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04 February 2019
Proposed PMPRB amendments still under consideration; litigation matters pending
Certificates of supplementary protection
Amended PMNOC Regulations
Decisions on the merits
Section 8 and other claims following failed PMNOC Regulations
Damages and accounting references
Treaty and legislative updates
Consultation on national pharmacare
This article examines the key developments in life sciences IP and regulatory law which took place in 2018.
Four biosimilars were approved in 2018, with the final one – BGP Pharma's Fulphila (pegfilgrastim), a biosimilar of Neulasta – obtaining approval in December.
Further, there are a number of ongoing biosimilar litigation matters (for further details please see "Mid-year biosimilars update").
In January 2018 there was a consultation on different approaches to the naming of biological drugs, including biosimilars (for further details please see "Stakeholder consultation on naming of biological drugs, including biosimilars").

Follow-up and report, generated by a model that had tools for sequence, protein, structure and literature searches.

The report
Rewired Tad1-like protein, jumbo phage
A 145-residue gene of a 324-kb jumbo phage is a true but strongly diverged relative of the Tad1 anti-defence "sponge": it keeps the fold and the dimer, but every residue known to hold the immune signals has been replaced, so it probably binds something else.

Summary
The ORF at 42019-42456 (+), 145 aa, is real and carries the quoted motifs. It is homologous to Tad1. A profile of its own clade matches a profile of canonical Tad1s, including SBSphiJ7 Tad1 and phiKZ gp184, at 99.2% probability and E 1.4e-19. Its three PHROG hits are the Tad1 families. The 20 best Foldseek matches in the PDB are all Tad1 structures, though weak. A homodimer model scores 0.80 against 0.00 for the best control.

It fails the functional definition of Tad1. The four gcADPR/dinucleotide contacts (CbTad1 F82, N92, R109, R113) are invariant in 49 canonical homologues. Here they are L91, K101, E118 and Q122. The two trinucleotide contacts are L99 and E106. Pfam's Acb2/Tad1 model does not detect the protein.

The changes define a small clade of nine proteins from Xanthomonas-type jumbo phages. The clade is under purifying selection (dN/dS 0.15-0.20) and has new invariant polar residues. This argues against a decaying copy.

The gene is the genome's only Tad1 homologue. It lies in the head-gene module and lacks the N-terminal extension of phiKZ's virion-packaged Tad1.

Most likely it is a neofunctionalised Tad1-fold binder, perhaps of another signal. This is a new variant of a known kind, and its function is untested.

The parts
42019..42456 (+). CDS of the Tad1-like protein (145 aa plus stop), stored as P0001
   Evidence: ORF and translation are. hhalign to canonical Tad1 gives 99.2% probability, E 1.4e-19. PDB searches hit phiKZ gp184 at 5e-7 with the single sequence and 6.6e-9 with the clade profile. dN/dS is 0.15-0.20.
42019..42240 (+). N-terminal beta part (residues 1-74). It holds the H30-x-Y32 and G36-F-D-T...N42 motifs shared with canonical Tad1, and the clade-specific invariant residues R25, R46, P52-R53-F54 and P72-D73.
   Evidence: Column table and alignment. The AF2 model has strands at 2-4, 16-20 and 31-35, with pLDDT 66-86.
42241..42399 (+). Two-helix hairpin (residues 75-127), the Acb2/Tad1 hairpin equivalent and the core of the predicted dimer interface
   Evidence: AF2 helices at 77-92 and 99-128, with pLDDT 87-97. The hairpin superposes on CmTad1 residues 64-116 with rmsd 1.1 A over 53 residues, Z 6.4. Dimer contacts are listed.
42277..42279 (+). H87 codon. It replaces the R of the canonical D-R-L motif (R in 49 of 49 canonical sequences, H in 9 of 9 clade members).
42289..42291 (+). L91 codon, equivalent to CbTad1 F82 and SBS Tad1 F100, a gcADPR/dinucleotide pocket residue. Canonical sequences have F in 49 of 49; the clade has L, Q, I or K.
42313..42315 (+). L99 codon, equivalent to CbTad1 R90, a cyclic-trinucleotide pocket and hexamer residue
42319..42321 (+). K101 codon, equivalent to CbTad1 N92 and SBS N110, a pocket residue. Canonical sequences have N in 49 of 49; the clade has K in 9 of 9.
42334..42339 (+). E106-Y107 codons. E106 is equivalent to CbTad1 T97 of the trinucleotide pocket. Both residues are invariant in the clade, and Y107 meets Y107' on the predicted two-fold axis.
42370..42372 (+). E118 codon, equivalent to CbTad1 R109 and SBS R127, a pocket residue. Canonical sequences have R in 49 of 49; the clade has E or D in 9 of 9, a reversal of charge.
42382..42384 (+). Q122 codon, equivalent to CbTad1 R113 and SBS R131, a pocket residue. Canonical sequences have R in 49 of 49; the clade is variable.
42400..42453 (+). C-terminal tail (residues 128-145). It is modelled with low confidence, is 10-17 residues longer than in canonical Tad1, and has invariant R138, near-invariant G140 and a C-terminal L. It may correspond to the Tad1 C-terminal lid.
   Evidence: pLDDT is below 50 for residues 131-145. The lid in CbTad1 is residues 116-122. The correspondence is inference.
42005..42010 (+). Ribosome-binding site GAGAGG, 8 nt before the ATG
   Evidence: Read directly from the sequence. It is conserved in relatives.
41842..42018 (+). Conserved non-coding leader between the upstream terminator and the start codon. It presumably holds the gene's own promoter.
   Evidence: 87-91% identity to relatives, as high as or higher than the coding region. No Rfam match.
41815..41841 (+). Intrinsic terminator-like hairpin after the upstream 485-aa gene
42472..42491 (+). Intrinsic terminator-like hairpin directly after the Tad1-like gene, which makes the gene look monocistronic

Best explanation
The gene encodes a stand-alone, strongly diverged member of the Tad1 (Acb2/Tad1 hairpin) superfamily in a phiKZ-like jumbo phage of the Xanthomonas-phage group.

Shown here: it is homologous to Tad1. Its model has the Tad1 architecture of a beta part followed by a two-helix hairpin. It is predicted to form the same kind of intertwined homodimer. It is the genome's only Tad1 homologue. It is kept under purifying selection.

In February 2018 the Canadian Agency for Drugs and Technologies in Health (CADTH) revised its biosimilar review process (for further details please see "CADTH outlines revisions to biosimilar and pharmaceutical review programmes").
In March 2018 the Federal Court found that a patent for use of inliximab (Janssen's Remicade) was valid and infringed by Hospira's biosimilar Inflectra, which was approved in 2014 (for further details please see "New use patent valid and infringed by biosimilar").(1)
In January 2018 the CADTH published its environmental scan relating to biosimilars: Biosimilars — Regulatory, Health Technology Assessment, Reimbursement Trends, and Market Outlook (for further details please see "Mid-year biosimilars update").
In October 2018 the CADTH published the International Policies on the Appropriate Use of Biosimilar Drugs. Health Canada's listing of submissions under review includes biosimilars, which now include sponsor names for new entries.